Struggle and Strategy: Higher Education and Labour Market ‘Transitions’
This project explores the question: Why is inequality increasing, despite more people entering Higher Education than ever before?
The normative use of the notion of ‘transition’ in youth studies implies that young people have to achieve certain markers to become an adult: get a full time job, an independent place to live and find a long term partner. This project will recontextualise these assumptions by focusing on the ways young people struggle with and strategise for the risks and affordances they are faced with, where labour market precarity is the norm; inequality is rising despite increased participation in higher education; and the University has undergone neoliberal transformations that have reinvented student experiences.
This project will focus on transitions from higher education to the labour market as a site of struggle – drawing on Bourdieu’s notions of illusio, strategy and social gravity and Fraser’s work on redistribution, recognition and representation. The project will consider struggle in relation to both material and structural inequalities (in relation to forms of capital) as well as struggles for recognition (in relation to becoming – and struggles to become recognized across and within different social and cultural fields). We will be looking at the strategies young people take up to navigate from education to work (and from education/casual work to full time work) by motivations, aspiration, and becoming as non-linear formations of struggle.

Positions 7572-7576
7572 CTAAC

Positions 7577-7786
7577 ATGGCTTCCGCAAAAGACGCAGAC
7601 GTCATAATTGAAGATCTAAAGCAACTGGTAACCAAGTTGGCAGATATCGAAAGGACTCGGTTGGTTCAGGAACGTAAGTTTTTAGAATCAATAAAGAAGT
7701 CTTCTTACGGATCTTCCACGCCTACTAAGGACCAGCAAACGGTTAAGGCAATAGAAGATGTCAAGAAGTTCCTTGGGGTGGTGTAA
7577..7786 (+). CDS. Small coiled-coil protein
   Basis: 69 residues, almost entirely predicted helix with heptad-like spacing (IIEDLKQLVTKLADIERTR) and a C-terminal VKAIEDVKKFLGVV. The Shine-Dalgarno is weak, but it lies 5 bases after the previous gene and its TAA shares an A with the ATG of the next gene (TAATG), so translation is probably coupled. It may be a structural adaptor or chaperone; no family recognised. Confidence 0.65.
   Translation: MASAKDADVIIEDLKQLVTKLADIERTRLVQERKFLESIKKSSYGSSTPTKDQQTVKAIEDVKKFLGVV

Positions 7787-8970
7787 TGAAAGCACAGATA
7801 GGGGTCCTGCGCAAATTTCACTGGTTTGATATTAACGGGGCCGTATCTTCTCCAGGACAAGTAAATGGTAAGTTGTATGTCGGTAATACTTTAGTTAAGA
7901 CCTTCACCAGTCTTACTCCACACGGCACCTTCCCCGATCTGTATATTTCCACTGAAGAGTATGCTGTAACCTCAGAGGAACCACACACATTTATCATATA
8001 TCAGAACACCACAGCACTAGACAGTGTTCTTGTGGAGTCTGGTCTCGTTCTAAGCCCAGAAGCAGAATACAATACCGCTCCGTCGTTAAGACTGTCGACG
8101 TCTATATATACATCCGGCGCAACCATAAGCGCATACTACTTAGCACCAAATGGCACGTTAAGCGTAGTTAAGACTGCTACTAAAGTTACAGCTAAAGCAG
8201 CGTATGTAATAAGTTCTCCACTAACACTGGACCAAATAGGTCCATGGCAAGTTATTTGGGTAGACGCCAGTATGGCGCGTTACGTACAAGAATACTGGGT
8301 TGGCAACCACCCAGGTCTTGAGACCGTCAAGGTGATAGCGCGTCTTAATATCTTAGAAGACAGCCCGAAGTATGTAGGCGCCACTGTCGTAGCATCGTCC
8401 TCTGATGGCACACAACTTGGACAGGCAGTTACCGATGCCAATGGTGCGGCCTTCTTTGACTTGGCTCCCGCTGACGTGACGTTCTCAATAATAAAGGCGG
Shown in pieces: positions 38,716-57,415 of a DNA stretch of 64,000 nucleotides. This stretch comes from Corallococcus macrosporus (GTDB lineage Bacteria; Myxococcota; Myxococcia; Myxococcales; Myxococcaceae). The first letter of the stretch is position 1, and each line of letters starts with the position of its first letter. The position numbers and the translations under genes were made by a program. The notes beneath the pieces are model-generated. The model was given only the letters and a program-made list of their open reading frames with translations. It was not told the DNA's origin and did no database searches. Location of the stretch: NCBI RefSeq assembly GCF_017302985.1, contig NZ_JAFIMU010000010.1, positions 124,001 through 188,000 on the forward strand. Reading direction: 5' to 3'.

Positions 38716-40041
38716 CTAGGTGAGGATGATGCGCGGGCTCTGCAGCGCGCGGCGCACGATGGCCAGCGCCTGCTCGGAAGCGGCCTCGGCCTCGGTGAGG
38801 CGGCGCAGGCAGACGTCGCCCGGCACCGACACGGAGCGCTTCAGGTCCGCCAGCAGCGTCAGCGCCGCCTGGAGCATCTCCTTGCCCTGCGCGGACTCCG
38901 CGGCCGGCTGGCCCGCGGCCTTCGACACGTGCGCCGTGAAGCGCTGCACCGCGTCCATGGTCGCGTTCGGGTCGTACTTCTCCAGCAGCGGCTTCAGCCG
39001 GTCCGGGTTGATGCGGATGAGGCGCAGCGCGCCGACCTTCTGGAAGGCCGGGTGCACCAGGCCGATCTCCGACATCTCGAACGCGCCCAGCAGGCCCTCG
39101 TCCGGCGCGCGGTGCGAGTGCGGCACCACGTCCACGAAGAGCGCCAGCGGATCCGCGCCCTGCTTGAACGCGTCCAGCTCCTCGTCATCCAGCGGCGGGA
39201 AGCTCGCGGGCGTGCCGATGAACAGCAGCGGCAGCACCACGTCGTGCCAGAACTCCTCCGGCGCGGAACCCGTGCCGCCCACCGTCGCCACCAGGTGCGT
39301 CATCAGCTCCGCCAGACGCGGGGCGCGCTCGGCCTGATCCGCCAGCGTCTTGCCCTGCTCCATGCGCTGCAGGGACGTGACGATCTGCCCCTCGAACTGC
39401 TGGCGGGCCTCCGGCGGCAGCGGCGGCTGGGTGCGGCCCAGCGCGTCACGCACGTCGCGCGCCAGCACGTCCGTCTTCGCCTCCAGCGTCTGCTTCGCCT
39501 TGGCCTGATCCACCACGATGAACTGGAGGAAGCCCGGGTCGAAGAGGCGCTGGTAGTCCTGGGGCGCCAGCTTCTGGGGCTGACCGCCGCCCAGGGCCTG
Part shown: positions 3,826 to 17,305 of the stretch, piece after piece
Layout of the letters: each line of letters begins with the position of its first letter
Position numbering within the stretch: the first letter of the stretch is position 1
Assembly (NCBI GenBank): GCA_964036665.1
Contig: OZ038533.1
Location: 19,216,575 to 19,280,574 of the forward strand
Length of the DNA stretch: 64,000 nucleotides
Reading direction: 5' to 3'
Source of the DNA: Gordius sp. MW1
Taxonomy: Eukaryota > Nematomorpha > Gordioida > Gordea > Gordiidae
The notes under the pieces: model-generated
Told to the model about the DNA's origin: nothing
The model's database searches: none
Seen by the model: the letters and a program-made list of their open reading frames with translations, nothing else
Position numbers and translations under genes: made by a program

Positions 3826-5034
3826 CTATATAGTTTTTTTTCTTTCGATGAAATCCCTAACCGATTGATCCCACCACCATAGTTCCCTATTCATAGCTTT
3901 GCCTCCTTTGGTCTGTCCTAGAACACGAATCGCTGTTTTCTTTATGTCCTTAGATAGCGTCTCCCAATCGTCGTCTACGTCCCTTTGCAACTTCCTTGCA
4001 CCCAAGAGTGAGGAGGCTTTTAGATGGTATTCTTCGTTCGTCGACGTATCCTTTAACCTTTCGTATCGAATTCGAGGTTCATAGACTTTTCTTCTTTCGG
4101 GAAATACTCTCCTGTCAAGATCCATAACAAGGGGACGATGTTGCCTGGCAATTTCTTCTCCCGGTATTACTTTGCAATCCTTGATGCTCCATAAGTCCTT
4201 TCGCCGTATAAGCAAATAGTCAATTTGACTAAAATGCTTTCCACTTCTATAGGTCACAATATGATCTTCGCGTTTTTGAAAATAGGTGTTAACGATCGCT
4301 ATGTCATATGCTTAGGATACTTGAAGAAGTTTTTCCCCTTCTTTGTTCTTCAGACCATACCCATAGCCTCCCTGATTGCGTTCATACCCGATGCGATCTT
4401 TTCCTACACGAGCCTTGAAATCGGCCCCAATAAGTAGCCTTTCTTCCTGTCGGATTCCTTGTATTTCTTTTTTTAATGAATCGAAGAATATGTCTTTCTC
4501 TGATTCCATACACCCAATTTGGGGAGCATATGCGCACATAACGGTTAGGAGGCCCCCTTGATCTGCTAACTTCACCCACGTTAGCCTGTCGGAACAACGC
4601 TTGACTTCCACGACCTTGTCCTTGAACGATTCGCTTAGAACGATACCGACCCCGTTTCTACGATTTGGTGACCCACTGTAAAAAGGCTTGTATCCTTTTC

We will undertake 32 in-depth, detailed qualitative interviews to understand the struggles students experience in relation to complex transitional processes/spaces and the strategies they engage to try to achieve their ambitions. Where possible, we will pair students in the same programs through the notion of working class and middle class backgrounds based loosely on levels of economic and cultural capital.
The students participating in the project are from Humanities, Social Science, Business and Law programs, and the cohort will consist of: 16 final undergraduate year students (8 in Humanities and Social Sciences and 8 in Business and Law) and 16 recent graduates (8 from Humanities and Social Sciences and 8 from Business and Law).
This project investigates the ways young people in contrasting academic disciplines balance the demands of part time work, study and family commitments whilst drawing upon their existing family networks, material possessions (cars, computers etc.), and access to advice, work placement and internships, strategise and struggle in their trajectory from higher education into the labour force.
The University of Newcastle acknowledges the traditional custodians of the lands within our footprint areas: Awabakal, Darkinjung, Biripai, Worimi, Wonnarua, and Eora Nations. We also pay respect to the wisdom of our Elders past and present.